We believe that, along with communication networks and distributed database systems, parallel computation will be one of the main supporting technologies for future digital library systems. The tremendous rate of development in hardware/software technology means that any conclusions based on present capabilities will be outdated during the life cycle of any short term project. Therefore real computational bottlenecks need to be identified. For spatial digital libraries, there are a number of aspects from which serious computational bottlenecks arise. For example (1) the enormous, and rapidly growing, quantity of raw digital datasets, (2) the demand for increased resolution and size of images both for browsing and for scientific applications, (3) the distributed nature of both data and potential users, (4) the increase in the sophistication of queries.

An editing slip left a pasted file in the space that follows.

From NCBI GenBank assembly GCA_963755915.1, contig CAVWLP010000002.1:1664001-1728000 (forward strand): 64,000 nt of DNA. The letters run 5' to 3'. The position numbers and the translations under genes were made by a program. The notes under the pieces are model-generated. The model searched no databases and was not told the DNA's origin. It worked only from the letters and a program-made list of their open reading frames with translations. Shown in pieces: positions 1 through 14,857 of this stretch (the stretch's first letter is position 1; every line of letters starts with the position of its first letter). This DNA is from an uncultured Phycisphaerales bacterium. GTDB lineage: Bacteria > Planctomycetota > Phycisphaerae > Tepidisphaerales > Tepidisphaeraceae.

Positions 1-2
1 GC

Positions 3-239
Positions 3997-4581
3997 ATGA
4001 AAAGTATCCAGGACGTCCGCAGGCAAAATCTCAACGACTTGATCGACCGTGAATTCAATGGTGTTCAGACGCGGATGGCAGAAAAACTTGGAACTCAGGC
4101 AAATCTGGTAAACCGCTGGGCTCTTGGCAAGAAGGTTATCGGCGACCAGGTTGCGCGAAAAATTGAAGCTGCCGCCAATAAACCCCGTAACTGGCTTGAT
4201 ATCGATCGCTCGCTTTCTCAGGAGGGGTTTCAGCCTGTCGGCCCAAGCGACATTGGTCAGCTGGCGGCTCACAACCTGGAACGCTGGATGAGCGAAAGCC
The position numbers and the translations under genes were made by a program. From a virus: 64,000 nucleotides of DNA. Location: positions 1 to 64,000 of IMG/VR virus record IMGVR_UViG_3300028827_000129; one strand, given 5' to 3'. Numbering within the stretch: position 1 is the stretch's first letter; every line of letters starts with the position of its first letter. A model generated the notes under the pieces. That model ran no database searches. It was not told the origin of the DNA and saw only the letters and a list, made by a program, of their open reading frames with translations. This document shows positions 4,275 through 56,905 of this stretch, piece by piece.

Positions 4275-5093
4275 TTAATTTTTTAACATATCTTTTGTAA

The future of spatial digital libraries depends in part on the availability of parallel means to overcome such computational problems. Our aim is to develop the necessary theory and computational tools to this end, as well as to validate our developments and algorithms on real-world data. When computations on very large data sets are involved, load balancing, routing, data partitioning, locality, and prefetching become important implementation parameters that can drastically improve the system's response time . These issues exist in a distributed system of clients/servers, especially where one or more of the servers is itself a multiprocessor. However it is virtually impossible to create a meaningful application if a system designer is confronted with all the complexities of dynamic load balancing, data migration, and their resulting communication patterns. Functional designers need to be shielded from the complexities of the underlying architecture to the greatest extent possible, at the same time being able to develop applications that get reasonable performance. We see the necessity of parallelization in this area as analogous to the situation that existed prior to the widespread use of virtual memory in sequential systems.